Smarter parking for better cities
In India, our city planning has never factored in the need for parking, perhaps because it has been viewed as a mundane concern
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One blind spot plaguing our cities today is the problem of car-parking. There is not a single city that has tackled this issue wisely. As a result, one sees cars parked chaotically along narrow roads and busy streets and on the slender approach roads to government offices. This causes harrowing obstacles in transit, precious loss of transaction time and kills aesthetics and visual appeal. In the case of markets, it discourages consumer spending and destroys the user comfort so important for customer delight. On an average, about 33% of cars on street roads at any given time are parked wrongly. With increased urbanization and rapid explosion in car density, resolution of this problem is critical.
Globally, cities have tackled car-parking problems by designating and designing adequate numbers of suitable car parks at appropriate places. In India, our city planning has never factored in the need for parking, perhaps because it has been viewed as a mundane concern. The fact is, however, that parking involves managing several complex parameters: land procurement/delineation, master planning, construction design and choice of materials, physical construction management, lighting, safety and security solutions, efficient payment solutions and last but not least, facility management. They are, therefore, as important for a city as ports are for shipping and airports for aviation.
Parking issues need to be tackled at many different levels. First, for residential off-street parking, no car should be registered until its owner can demonstrate proof of suitable parking slot availability within his premises. If the owner does not have space within his premises, he should have to produce from the resident welfare association (RWA) suitable proof that they can provide a parking place in their common areas. For this to happen, parking space permits will have to be made tradeable.
Further, since residential colonies have no space for delineated common parking areas, RWAs should be allowed to convert a few common spaces reserved for parks for the purpose of collective parking. Such plans should, however, be subject to the approval of the majority of residents through an e-vote. Trees to be cut should be mandated to be fully replaced, if not transplanted. Also, special fiscal incentives should be given by the municipal bodies to RWAs to build underground parking lots and RWAs should be enabled to charge for their construction and operations and management (O&M) on commercial terms from the residents who subscribe to these facilities.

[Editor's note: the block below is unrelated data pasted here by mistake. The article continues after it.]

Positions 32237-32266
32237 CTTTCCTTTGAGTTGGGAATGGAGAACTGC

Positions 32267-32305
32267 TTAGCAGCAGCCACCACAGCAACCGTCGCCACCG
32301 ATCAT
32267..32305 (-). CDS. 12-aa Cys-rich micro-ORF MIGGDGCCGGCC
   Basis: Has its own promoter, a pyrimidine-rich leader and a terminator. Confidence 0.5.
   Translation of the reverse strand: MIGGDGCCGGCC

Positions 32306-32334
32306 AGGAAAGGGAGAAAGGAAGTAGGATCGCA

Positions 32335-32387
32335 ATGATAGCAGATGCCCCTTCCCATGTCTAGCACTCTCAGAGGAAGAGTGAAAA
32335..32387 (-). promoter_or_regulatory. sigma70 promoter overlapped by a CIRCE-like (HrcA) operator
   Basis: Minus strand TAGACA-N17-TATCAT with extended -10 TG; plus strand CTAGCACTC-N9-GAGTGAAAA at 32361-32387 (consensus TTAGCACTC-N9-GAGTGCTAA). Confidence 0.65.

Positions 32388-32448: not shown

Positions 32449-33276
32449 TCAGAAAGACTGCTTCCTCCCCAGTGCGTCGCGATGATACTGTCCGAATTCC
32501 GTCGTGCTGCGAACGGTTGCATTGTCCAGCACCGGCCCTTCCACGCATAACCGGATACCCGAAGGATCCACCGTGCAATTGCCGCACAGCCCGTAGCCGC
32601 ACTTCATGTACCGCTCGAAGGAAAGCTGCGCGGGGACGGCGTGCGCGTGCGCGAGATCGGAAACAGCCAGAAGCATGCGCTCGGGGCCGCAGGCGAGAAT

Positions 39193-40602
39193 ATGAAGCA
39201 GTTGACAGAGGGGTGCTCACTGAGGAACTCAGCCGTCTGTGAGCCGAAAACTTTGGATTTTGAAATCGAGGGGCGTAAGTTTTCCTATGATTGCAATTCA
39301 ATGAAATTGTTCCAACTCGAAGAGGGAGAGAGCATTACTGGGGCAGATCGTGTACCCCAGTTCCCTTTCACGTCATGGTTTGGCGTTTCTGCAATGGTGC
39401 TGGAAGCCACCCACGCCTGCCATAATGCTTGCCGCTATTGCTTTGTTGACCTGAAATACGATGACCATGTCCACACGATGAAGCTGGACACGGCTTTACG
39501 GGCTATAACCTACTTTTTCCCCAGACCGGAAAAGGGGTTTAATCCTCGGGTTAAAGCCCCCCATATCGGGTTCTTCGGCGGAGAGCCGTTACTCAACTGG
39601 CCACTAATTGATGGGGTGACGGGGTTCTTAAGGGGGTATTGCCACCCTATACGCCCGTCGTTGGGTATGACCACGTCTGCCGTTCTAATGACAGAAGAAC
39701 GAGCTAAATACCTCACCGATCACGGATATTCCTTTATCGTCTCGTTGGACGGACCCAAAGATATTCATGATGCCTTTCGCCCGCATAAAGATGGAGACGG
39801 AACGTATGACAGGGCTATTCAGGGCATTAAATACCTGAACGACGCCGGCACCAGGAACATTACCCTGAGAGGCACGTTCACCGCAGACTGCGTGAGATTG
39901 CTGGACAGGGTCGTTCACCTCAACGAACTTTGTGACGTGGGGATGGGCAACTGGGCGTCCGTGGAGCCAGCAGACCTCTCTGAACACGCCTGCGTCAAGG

Building by-laws should ensure that only those plans that have provision for suitable parking slots are passed. For non-residential off-street parking, equivalent provisions will have to be made in the area-zoning laws and have to be inscribed suitably in master plans. Most European and US cities mandated such provisions in their by-laws as early as the 1950s, when the car load was not a fraction of what it is in India today.
Municipal corporations should incentivize private developers and owners to acquire space for building underground and over-ground car parks. Once multi-level car parks are developed, their O&M can be given out to private parties. Municipal corporations should even consider floating municipal bonds to raise funds to acquire land which can be used for creating car parks.
The biggest issue in the Indian context is on-street parking. Today, parking is either free, or in the control of licensed unprofessional toll-collectors who have flat rates, because there is no clear policy for regulating and charging for the use of street parking space. Low parking fees also have adverse urban effects: extravagant use of energy, spread and sprawl of cities, violation of tenets of transit-oriented development and degradation of the environment.
At a micro-level, parking metres should be installed along street roads at all designated car-parking areas. These should be set to charge demand-based flexible rates on an hourly basis. So, in peak hours, the rates should be substantially higher than in lean hours. Stiff penal provisions have to be in force to discourage illegal on-street parking. Further, on-street parking should be more expensive than off-street parking. This is necessary to deter and discourage on-street parking and also to incentivize off-street parking and to promote the viability of privately-managed parking.
An effort to develop more car-free areas is a welcome step. But that necessitates more off-street parking. If Connaught Place were to become car-free, where will cars be parked? There will have to be enough designated parking nearby, say on Kasturba Gandhi Marg, Ashoka Road or Janpath. Otherwise, there will be indiscriminate parking along these roads, making life miserable for those who live there or habitually use these areas.
To make car parks more efficient and effective, we need to mandate electronic radio-frequency identification (RFID)-based tolling and boom-lifting systems and integrate car-parking with highway-tolling so that the same tag works for both—and ideally, across the country.
In the future, hopefully, we will see more public transport, ride-sharing and services like Uber and Ola. Fewer cars on the road will help reduce emission of greenhouse gases, carbon monoxide and nitrogen dioxide, and improve cities. But for the next 15 years at least, in the interests of citizen comfort, car-parking will have to be dealt with on a war footing. And for businesses, this is at least a $10 billion opportunity.
Raghav Chandra is a civil servant and former chairman of the National Highways Authority of India. Views expressed are personal
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